08 Nov
  • By Isaac Msiska
  • Cause in

Burning the forest to rescue the environmentalist

He talks about the environment with such lit passion that it is easy to see how he loves the field of environmental conservation. When he goes into precise details explaining with clear examples how lots of local forests are becoming endangered and the accelerating rates of uncontrolled pollution in rivers, one can note a thin veil of anger in his sentiments – proof that he is really keen on preserving the nature. He is on his way to becoming the Malawian version of Al Gore!

His name is Manuel Chimwaza. He is currently pursuing a diploma in Environmental Management and it is no surprise that he is a staunch environmental activist who is determined to see change. Manuel is also one of the students under our university scholarship programme. He is proudly pursuing a course he has a deep passion for but two years ago his future was murky.

“My father raised us – my siblings and I – as a single parent,” Manuel said. His mother, he explained, passed on when he was three years old. “father is unemployed and what he relied on to support us was a very small piece of land where he cultivated just enough to keep the family going.” The piece of land Manuel referred to was so small that it was not even enough to produce crops which his father could sell to make an income on the side. Due to that, Manuel and his siblings struggled financially and the struggles trickled down to threaten their education.

“I’ll be honest with you. My father was really having a hard time putting us through school. He had no one else to help him with the financial burden. He had no job and that was hard for the family.” The situation got so bad that two of his siblings had to drop out of school. Manuel’s sister was the first to leave while she was still in primary school.

“It was the only solution.” Manuel said “it did not make sense to stay in school when it was clear there were no school fees.” Manuel was the only one privileged enough, amidst the financial hiccups, to persevere until he completed his secondary school and was selected to attend a public university.

Tuition fees in Malawian public universities are so expensive that each year 5,000 students in public colleges fail to pay the fees. Manuel, unfortunately, was among the number. He discovered that his new school fees were 20 times higher than what he had paid back in secondary school. For someone whose parent found it hard to pay his secondary school fees, it was utterly impossible for Manuel to afford the triple digit tuition fees.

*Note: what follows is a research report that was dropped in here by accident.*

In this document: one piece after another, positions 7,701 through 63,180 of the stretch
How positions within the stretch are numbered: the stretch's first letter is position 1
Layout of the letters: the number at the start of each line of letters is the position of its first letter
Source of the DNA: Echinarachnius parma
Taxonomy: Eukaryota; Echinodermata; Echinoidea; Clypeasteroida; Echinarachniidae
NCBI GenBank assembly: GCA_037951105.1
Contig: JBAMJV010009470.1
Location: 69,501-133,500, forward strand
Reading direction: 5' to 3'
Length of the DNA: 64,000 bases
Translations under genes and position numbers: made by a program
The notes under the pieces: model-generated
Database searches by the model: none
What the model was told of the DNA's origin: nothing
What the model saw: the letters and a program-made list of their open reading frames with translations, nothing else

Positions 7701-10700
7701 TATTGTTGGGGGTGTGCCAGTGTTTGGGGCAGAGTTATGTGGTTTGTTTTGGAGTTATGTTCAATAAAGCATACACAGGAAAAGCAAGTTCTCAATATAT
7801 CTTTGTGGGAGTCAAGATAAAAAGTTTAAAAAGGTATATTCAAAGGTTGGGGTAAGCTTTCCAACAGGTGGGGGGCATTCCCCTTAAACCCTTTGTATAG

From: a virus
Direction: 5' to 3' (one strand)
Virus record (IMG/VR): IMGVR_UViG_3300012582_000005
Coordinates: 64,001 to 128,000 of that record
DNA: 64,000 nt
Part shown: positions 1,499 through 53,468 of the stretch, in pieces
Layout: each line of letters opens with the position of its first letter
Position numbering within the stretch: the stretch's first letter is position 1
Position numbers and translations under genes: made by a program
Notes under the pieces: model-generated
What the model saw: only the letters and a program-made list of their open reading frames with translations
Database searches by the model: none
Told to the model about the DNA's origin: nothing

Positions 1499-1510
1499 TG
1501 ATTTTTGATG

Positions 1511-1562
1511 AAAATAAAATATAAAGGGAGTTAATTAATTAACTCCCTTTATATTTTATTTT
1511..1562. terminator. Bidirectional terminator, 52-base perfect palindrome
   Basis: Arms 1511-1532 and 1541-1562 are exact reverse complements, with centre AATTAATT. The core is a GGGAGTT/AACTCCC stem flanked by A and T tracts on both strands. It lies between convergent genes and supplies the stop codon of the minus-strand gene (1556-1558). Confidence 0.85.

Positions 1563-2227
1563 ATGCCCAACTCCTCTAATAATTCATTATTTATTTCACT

“I desperately needed help.” Manuel said. With no idea where his fees would come from, Manuel just went ahead and registered for classes and commenced his studies. As he noted, he was very distracted because he was simply pushing his luck and it was like searching for a lost coin in a dark forest without a flashlight. Manuel was living off a grace period and the thought that he would be kicked out if he failed to payhis fees when the grace period ended, worried him sick. Manuel’s future at the college was hanging by a frayed thread.

“I stayed in limbo like that until the start of my end of semester examinations.” That was risky because students who fail to settle their tuition fees are barred from sitting for their final examinations. This means that the students either have to withdraw, take a deferred examination or repeat a class but only upon payment of the full fees.

Time was rushing out and so was his optimism.

“I thought, well, this is it. Everything ends here!” He recalled. However, just a day before he was about to take his end of semester examinations, Manuel was selected as one of the beneficiaries of our 2018 university scholarship programme. He was among the 16 students we supported this year. His future was suddenly back online.

“It was the best day of my life,” Manuel beamed. The scholarship was the last piece that completed the puzzle and with everything falling into place, Manuel could now focus on his vision of rescuing the environment. His plan is firm and he said he strives to be unique – different from the negative mindsets of some of his fellow students.

“A lot of students study to pass. I want to study to bring change.” Manuel observed and actually he has a perfect idea of what sort of change he wants to make.

“Look at the environment around us. We are not doing enough to conserve nature. There is pollution everywhere, rampant cases of deforestation and our environment is in a state of disarray.” Manuel noted. He said even in the community he hails from, most people are ignorant about the value of conserving the environment and this is causing massive damage to natural forests and high cases of unmanaged disposal of waste.

“They don’t even understand the value of waste management and this is what is causing various disease outbreaks.” Manuel says and he believes he has a solution to the problems.

“We need to enforce strong laws to help manage the environment otherwise we will wake up to the realization that certain species of animals or natural habitats have become extinct.” Manuel observed, adding;

“We have a long way to go but we can do it. I want to see that change happen.” he ended.